Before I walked through the doorway yesterday, I took a second to repeat the prayer that had become my mantra throughout this process.
God, help me fight for her best interests, and not my own.
Three hours later, I emerged with a signed and stapled document clutched in my left hand, seventeen double-spaced pages the last remnants of a life I once thought was mine to live. I had emerged victorious. I took a second to text the people who had been sending their best wishes and most fervent prayers to my phone since 9 am--"it's over. I'm happy."
And in that moment, I was. God had given me the strength to answer my own prayers.
It took about an hour before I lost my breath entirely, flipping through the pages over and over, as if I was going to find something in them that would change the outcome. I turned onto Merino, headed home, and pulled over to the side of the road, gasping.
Today I stand in my garage, middle of a work day, eyes swollen almost shut from the tears that won't stop flowing. I'm smoking a cigarette as if it's the last lifeline I have, sipping a chai latte from the mug that features her smiling two-year-old face, all chubby baby cheeks and windblown hair. Two neighbors drive past, stop, say hello and look like they want to say more. I have no doubt how I look and I don't really care. I'm surrounded, in the garage, by the jogging stroller I thought I would use, clothes from her first three years in bins and boxes, the tricycle she never quite got the hang of.
I'm only going to raise her for 7.5 of the next 15 years. She's only half mine.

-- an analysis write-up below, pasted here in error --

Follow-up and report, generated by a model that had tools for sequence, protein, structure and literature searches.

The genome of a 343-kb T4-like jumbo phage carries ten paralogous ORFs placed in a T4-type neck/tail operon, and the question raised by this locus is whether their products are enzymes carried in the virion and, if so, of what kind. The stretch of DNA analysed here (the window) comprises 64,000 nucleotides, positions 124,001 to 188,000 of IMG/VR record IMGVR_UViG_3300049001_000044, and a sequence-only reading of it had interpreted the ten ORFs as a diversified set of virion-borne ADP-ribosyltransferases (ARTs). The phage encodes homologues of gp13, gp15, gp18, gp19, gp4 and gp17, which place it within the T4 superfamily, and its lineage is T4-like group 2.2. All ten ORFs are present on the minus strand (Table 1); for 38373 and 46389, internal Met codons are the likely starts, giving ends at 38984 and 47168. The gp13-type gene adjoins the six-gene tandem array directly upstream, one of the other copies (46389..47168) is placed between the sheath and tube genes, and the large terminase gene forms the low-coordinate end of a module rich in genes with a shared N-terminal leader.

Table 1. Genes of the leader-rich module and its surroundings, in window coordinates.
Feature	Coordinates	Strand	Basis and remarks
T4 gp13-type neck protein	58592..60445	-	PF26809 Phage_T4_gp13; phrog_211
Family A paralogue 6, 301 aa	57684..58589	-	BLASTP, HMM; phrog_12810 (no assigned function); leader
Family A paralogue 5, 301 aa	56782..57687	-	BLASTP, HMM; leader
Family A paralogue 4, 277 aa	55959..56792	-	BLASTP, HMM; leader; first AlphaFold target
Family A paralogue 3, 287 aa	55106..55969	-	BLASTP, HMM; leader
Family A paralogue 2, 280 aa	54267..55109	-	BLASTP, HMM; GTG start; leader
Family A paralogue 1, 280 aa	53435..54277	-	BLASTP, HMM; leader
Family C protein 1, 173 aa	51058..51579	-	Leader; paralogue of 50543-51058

She wasn't ever really fully mine to begin with. She's her own person, with a right to spend just as much time with her dad as with me. It was a no-brainer decision, one I accepted willingly.
I had prearranged to take the day off today, knowing that this was probably going to happen and that I was probably going to need the time to sit in my sadness. I was right. I keep thinking about calendars, fifteen more years of life in two- and five-day increments, the light days and the dark ones, the ones that I keep my wounds tightly bound and the ones that I unwind the dressing and let them breathe without worrying about her seeing them. I need to sit down with my own calendar and update the highlighted days when she'll be home, but I can't bring myself to think about it right now. All those numbered boxes with nothing in them.
Driving to her ballet class last night, she babbled on about her friends and her school day and then, out of nowhere, "Mommy, what are you going to be when you grow up?" She's very into this idea of growing up these days, of being grown up, peppering all her statements with the soul-crushingly adorable prefix, "when I was a little girl...." As if she's not a little girl right now, her tiny hand fitting perfectly into my palm, her body the exact right size to sit in my lap and read a book about happily ever after. I wasn't sure how to answer her question, so I asked her instead. And she said, "when I grow up I want to be a good mommy, just like you."
She's never said I was good before.
I have no idea how I'm going to go back to my regularly scheduled life tomorrow, posting debits and credits and reconciling bank statements without seeing this gaping maw of empty days in front of me, reminding me how deep the knife can go without causing permanent damage. But in a feat of liturgical brilliance, tomorrow is Ash Wednesday, a day of repentance, fasting, and reconciliation in my faith tradition. And at lunchtime, I'll slip out of my office and down the street to a church where I'll kneel and say, "Have mercy on us, Lord" and let someone else's thumb mark my forehead with a cross.
Remember that you are dust.
And to dust, you shall return.